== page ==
2004-01-02 / Columnists

The Rockaway Irregular

If Arnold Can, Why Can
by Stuart W. Mirsky
The Rockaway Irregular

If Arnold Can, Why Can't Mike?

The news out of California gets more and more interesting! It seems that newly elected Governor Arnold Schwarznegger is making headway. After setting up a panel of outside experts to review state operations and options, he has convinced the legislature to place proposals on the ballot, come March, designed to start addressing the structural and budgetary problems now plaguing the Golden State. Among other things, they will seek voter authorization of a new bond issue to cover them in the face of the current structural deficit while, at the same time, instituting a "rainy day fund" to set some state monies aside for the inevitable cyclical downturns that seem to bedevil local governments and politicians. (Hmm, that seems like a familiar proposal, something I suggested in these pages myself, not too long ago!)

Cuts to government services, of course, come much harder. But Arnold promptly fulfilled a campaign promise to do away with the state's car tax increase (implemented by former Governor Gray Davis) as well as the law allowing illegal immigrants to obtain drivers' licenses. And, so far, the new governor is holding the line on his promise not to increase taxes to balance the state's budget and to focus, instead, on cost reductions. Unfortunately, he was not able to get the California legislature to to go along with spending increase caps like they have in nearby Arizona but his term's not over yet! Arnold still has a lot of personal capital to draw on, reflecting his lopsided win over Davis and the other Democrat in the race against him, Cruz Bustamante.

What about our own Mayor Bloomberg? He ran on a pledge not to raise taxes, too, but turned around and did just that, after walking in the door in the wake of 9/11 and the national economic downturn that began in the last year of the Clinton presidency. Unlike Arnold, Mike was legally obliged to balance his budget or lose control of the city to a New York State oversight board, a legacy of the former tax and spend profligacy of this city's government. Unable to get the cost reductions he needed to close the humongous budget gap, Mayor Bloomberg made his case to the citizenry and most went along, albeit grudgingly. It was pretty clear to anyone who was fair-minded that the Mayor didn't have much choice, however unpalatable the tax increases.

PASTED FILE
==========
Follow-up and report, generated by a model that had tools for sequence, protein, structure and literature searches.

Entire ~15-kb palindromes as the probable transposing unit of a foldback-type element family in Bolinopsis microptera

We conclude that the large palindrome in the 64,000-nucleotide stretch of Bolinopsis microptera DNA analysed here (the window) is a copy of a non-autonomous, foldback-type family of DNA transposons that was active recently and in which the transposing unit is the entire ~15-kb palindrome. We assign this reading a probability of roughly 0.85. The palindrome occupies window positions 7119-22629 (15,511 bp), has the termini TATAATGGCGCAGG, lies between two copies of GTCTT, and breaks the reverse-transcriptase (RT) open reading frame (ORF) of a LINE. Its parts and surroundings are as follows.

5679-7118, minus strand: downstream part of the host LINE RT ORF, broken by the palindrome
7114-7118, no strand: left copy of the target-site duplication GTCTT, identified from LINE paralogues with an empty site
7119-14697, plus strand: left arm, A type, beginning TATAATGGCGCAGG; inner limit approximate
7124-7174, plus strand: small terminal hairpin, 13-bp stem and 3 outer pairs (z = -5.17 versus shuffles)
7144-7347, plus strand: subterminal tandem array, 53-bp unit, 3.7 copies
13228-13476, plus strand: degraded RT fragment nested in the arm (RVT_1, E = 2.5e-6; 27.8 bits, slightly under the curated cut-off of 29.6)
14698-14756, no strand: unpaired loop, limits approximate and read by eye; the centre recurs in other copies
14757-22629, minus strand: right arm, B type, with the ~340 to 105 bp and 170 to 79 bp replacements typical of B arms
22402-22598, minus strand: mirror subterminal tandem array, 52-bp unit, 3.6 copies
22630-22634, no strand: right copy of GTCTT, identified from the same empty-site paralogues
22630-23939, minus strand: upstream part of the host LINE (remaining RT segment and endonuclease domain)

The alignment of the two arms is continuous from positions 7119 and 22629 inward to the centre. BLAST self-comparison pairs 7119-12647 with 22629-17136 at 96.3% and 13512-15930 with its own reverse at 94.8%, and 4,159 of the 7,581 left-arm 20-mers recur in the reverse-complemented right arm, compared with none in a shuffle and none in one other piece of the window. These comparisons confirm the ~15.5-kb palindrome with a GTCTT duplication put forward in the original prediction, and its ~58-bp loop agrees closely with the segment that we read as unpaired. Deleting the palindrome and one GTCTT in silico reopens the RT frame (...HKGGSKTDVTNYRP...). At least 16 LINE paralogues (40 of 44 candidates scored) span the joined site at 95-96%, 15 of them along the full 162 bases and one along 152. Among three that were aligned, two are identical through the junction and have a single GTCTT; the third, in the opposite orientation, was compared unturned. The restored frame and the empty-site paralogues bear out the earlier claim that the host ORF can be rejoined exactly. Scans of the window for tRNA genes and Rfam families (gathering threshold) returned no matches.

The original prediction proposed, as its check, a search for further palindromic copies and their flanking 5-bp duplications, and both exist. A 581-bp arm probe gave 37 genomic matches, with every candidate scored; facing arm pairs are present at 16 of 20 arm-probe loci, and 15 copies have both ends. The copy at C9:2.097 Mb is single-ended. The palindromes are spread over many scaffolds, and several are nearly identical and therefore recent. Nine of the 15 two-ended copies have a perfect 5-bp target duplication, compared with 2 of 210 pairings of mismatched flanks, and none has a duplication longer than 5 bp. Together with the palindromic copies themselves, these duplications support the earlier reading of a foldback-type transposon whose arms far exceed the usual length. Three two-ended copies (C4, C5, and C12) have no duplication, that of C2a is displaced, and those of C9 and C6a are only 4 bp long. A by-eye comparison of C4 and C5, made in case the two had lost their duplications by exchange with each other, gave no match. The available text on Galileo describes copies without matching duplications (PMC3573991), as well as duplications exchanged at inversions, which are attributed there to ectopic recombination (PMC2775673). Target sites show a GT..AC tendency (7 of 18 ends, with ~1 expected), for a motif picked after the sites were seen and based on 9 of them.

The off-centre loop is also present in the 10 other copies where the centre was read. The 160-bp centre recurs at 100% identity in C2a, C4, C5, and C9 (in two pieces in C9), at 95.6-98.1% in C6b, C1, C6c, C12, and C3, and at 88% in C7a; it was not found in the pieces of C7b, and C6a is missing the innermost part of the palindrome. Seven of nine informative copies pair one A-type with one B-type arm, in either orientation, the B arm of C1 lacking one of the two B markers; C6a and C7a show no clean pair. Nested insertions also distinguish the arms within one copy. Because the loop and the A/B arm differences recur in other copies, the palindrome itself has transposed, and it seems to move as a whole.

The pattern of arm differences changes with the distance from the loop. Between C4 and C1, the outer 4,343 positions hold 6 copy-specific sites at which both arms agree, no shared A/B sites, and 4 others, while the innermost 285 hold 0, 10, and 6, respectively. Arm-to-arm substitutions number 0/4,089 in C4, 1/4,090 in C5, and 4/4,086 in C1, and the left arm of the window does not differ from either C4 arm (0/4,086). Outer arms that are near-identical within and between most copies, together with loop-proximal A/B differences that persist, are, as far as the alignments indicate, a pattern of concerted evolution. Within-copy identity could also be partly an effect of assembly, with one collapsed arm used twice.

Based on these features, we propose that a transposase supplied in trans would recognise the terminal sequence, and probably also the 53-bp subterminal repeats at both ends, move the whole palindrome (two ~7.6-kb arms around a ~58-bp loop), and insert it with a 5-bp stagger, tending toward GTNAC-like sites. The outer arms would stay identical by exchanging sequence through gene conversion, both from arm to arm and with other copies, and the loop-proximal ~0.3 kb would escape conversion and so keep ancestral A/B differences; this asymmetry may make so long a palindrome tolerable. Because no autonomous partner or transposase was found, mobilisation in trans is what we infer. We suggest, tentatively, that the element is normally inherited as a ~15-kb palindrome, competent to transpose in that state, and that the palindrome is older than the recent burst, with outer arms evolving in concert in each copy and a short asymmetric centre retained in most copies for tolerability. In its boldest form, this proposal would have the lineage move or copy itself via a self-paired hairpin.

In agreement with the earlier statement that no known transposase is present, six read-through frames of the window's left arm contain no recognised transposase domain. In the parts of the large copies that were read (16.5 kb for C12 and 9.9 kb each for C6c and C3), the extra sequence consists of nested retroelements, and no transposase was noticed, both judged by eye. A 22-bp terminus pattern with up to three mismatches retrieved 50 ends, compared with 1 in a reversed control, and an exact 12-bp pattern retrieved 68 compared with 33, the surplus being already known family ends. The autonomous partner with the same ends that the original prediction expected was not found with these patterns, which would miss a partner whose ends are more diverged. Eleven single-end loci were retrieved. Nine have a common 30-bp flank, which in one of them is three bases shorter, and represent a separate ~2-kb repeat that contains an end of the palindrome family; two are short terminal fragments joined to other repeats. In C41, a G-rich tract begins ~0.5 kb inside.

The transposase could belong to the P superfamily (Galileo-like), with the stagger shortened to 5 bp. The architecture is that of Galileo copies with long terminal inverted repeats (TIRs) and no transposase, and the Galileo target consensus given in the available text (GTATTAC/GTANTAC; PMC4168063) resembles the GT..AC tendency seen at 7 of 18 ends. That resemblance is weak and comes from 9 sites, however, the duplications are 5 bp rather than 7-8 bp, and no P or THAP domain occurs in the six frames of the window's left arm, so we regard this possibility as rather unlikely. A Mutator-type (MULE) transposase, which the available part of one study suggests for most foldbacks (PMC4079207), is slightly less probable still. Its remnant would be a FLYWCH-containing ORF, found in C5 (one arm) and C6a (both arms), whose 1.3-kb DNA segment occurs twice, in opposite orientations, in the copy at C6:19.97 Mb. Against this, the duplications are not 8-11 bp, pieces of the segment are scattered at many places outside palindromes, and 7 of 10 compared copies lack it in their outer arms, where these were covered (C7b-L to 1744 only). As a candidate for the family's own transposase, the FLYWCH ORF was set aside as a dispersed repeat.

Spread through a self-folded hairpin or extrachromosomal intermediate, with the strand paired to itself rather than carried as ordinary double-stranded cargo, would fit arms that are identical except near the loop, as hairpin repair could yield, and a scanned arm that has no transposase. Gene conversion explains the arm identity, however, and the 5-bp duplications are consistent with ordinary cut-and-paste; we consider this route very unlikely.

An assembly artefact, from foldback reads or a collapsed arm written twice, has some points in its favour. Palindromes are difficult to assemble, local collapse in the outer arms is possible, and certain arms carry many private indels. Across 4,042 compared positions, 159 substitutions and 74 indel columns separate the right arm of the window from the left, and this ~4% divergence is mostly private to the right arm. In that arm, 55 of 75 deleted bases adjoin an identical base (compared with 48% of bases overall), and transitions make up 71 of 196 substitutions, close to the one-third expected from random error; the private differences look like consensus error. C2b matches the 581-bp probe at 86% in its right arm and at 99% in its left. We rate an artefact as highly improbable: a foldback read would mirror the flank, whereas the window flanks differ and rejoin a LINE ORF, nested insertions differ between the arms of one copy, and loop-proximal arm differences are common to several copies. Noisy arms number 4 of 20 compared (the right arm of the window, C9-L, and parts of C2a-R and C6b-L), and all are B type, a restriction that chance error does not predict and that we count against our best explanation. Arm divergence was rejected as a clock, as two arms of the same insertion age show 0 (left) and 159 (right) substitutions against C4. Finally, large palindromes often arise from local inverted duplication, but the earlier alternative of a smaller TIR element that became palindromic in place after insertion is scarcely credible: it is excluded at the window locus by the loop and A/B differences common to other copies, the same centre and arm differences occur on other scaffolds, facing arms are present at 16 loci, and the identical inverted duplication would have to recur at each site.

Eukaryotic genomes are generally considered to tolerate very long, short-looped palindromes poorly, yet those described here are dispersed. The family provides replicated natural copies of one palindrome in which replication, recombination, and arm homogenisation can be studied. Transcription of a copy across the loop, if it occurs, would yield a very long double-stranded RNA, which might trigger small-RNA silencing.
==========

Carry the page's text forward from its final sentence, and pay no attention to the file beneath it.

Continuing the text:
But now, midway through the Mayor's initial term of office, City Comptroller William Thompson tells us things are better, for the short term at least. And, of course, the economy seems to be reviving. The Mayor has even begun talking about rolling back taxes. "We have to find ways to balance the budget and not continue to do it on the backs of the taxpayers," he said recently. Sounds good to us. But where's the beef?

If the Mayor wants to win a second term, he needs to show that he's ready to put our money where his mouth is, and that means back in our pockets! How can he do this?

Even the Comptroller is not giving the city a clean fiscal bill of health, suggesting that significant structural deficits will return by 2004 - 2007. Well, there's only one way. The Mayor has to cut expenses. He has to reduce what it costs us to run this city. Of course, massive layoffs don't seem to be an option if the Mayor wants to get re-elected. At over 250,000 city workers on the payroll (not counting staff working for the city under the auspices of non-mayoral agencies like the Health and Hospitals Corporation!), with most of these having immediate family and other relatives living within the five boroughs, that's a lot of voters that a Mayor up for re-election would certainly not want to annoy. Getting union give-backs is also a tough row to hoe for the same reasons. Nor have the unions demonstrated a penchant for cooperation in these matters!

But, there are other ways. The Mayor could take a leaf from Arnold and set up a non-partisan (he seems to like that word, anyway!) task force of experts, staffed by former city managers, representatives and consultants from the private sector, and even folks from some of the local think tanks. He could then charge this group with the responsibility of ferreting through the dark alleys of city business practices to identify areas where structural inefficiencies need to be eliminated. This is a road to real cost savings that is long overdue and would not require massive employee layoffs in the near term.